Does anybody really know what time it is?
Play it, Sam. Play As Time Goes By.
Did you know that Three Days of the Condor was based on Six Days of the Condor?
That is the movie Three Days of the Condor was based on the novel Six Days of the Condor.
Why do you think the screenwriters Lorenzo Semple and David Rayfiel compressed the novel by James Grady? I haven’t read any comments by the writers, Robert Redford who was the star, or by director Syndey Pollack on why that was done, but I have a pretty good hunch.
Movies do not handle long passages of time well. More often than not films will compress time for the sake of moving the story forward and keeping your interest.
Screenwriters and producers often talk of a time-lock on a film. A specific set of time the story is set when something must happen by. (“If you don’t get the heck out of Dodge by sunset there will be hell to pay.”) It sets the parameters for the story. Here are some films that have a time-lock:
Lew Hunter in his book Screenwriting 434 says when you use a time-lock “you inject an urgency into your story that can give it additional drive to heighten audience involvement and anxiety.” Of course, the more organic to the story the better.
Some movie deal with time by placing them in a single day, in just a night, or even in real time in the length of the film:
The Breakfast Club
In a talk I heard John Updike give at the University of Iowa earlier this year he spoke about the limitations that film has in showing the passing of time. When he’s writing a novel he can take a person from a baby to old age and it’s no problem for the reader, but in movies it doesn’t work as well. He explained that if your main character is a child for the first 30 minutes of the film they have a certain amount invested in that person and to switch to another person is a jolt.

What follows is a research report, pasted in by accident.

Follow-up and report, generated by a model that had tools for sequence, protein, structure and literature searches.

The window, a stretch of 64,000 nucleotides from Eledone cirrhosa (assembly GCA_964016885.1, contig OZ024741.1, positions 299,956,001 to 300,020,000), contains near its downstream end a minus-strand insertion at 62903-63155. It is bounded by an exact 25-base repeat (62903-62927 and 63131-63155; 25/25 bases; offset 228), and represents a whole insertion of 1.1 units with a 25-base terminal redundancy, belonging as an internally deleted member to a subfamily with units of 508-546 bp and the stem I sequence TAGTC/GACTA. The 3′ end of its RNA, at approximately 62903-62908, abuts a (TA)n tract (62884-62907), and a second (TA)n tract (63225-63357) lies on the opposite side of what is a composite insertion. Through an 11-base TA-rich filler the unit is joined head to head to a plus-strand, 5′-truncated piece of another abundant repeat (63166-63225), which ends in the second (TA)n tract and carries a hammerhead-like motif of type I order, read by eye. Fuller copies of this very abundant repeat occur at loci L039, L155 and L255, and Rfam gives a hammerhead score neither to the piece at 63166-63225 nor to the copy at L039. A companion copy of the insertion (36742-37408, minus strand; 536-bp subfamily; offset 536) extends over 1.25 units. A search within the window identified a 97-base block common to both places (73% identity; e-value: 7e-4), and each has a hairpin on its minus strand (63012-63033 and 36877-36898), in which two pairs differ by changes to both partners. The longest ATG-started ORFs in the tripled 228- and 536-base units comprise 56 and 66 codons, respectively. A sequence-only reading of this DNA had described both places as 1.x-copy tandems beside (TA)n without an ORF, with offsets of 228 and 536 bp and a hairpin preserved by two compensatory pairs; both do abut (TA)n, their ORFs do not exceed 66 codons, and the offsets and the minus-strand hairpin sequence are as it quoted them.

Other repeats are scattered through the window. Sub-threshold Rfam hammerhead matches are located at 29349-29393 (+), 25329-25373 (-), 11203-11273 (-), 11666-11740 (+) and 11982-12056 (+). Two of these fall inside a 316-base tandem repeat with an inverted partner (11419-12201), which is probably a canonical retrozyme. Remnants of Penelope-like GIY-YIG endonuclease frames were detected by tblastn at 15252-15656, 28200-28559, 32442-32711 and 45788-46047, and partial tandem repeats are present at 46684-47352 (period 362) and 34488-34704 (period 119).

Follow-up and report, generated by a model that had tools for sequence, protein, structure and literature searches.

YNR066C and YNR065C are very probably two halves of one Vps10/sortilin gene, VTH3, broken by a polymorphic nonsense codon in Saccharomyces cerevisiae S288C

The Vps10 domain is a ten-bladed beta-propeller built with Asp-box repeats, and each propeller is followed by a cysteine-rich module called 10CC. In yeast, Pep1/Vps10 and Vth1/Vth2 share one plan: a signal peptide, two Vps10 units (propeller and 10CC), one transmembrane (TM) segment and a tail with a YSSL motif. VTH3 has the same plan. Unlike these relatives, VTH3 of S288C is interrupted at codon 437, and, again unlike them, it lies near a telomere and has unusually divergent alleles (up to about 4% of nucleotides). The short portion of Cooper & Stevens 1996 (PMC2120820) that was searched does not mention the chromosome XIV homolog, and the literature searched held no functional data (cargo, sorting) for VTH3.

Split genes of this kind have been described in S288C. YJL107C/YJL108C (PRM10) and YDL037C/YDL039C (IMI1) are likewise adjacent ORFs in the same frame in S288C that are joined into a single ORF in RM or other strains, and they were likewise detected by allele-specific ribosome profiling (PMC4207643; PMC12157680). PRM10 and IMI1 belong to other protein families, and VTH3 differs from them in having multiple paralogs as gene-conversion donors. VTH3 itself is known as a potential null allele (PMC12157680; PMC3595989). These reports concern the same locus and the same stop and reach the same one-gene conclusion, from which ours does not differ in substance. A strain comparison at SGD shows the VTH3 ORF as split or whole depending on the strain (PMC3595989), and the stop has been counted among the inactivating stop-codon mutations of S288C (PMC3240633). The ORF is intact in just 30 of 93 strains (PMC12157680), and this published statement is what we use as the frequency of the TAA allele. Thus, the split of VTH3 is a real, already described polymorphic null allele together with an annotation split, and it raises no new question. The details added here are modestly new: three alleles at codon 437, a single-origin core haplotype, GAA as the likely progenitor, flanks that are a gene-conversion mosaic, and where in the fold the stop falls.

This may be one of the problems Updike is having in bringing the story of Olympic wrestler/famed college coach Dan Gable to to screen. Gable had a great high school, college career before winning a gold medal in the Olympics. Then he went on to win 10 national championships as a head coach at the University of Iowa before retiring. Then he came back as an assistant coach last year to help Iowa win another national championship.
How do you show that in an hour and a half or two hour movie? And even if you found a way, can you really have the same person play Gable as a 15-year-old high school freshman and Gable as a 63-year-old coach? See the problem there?
Maybe the digital world will help this in the future and it will be interesting to see the effect on Brad Pitt in The Curious Case of Benjamin Button where he plays an man born in his eighties and ages backwards. If anyone can pull that off it’s David Fincher & Eric Roth. (Didn’t that once happen on a Star Trek episode?) But it’s still Brad Pitt we are investing in.
Of course there are other exceptions, and generally Hollywood has found some creative ways to deal with the passing of time when needed. For instance, in Forrest Gump we are introduced to Forrest (Tom Hanks) as an adult in the opening scene and while we see Forrest as a child the majority of the film is as an adult. We are invested in Tom Hanks.
In The Natural they chose to have Robert Redford play both the thirtysomething Roy Hobbs as well as the teenage Roy Hobbs. They used soft lighting, shadows (and Redford’s youthful look) to create believability for the audience.
The remarkable TV movie The Autobiography of Miss Jane Pittman won eight primetime Emmys including two for actress Cicely Tyson. Tyson playing a 110-year old woman reflecting on her life was amazing, and aided greatly by makeup and costume design (that both also won Emmys) as well as a whole creative team that brought the Ernest J. Gaines novel to life. (Leonard Maltin called it ”One of TV’s all-time best,” so it’s worth renting of you’ve never seen it.)
One major problem with the passing of time is the amount of money it takes to create different eras. Think of the expense of the cars alone cover the time period of a story set in the 40s, 60s, 80s. Sure it’s been done, but if you are starting out it may be best to avoid that hurdle. (A short time frame also favors lower budget films since you have less continuity issues to worry about. Always good especially if you don’t have a script supervisor.)
In my post Screenwriting by Numbers (tip #4) I point out some averages related to running time in movies such as most movies tend to be between 90-120 minutes in length and most scenes tend to run between 1-3 minutes long. And if all of this seems cold and artificial let me once again to the great quote by design guru Milton Glazer; “Limitation stimulates the imagination.”
Copyright 2008 Scott W. Smith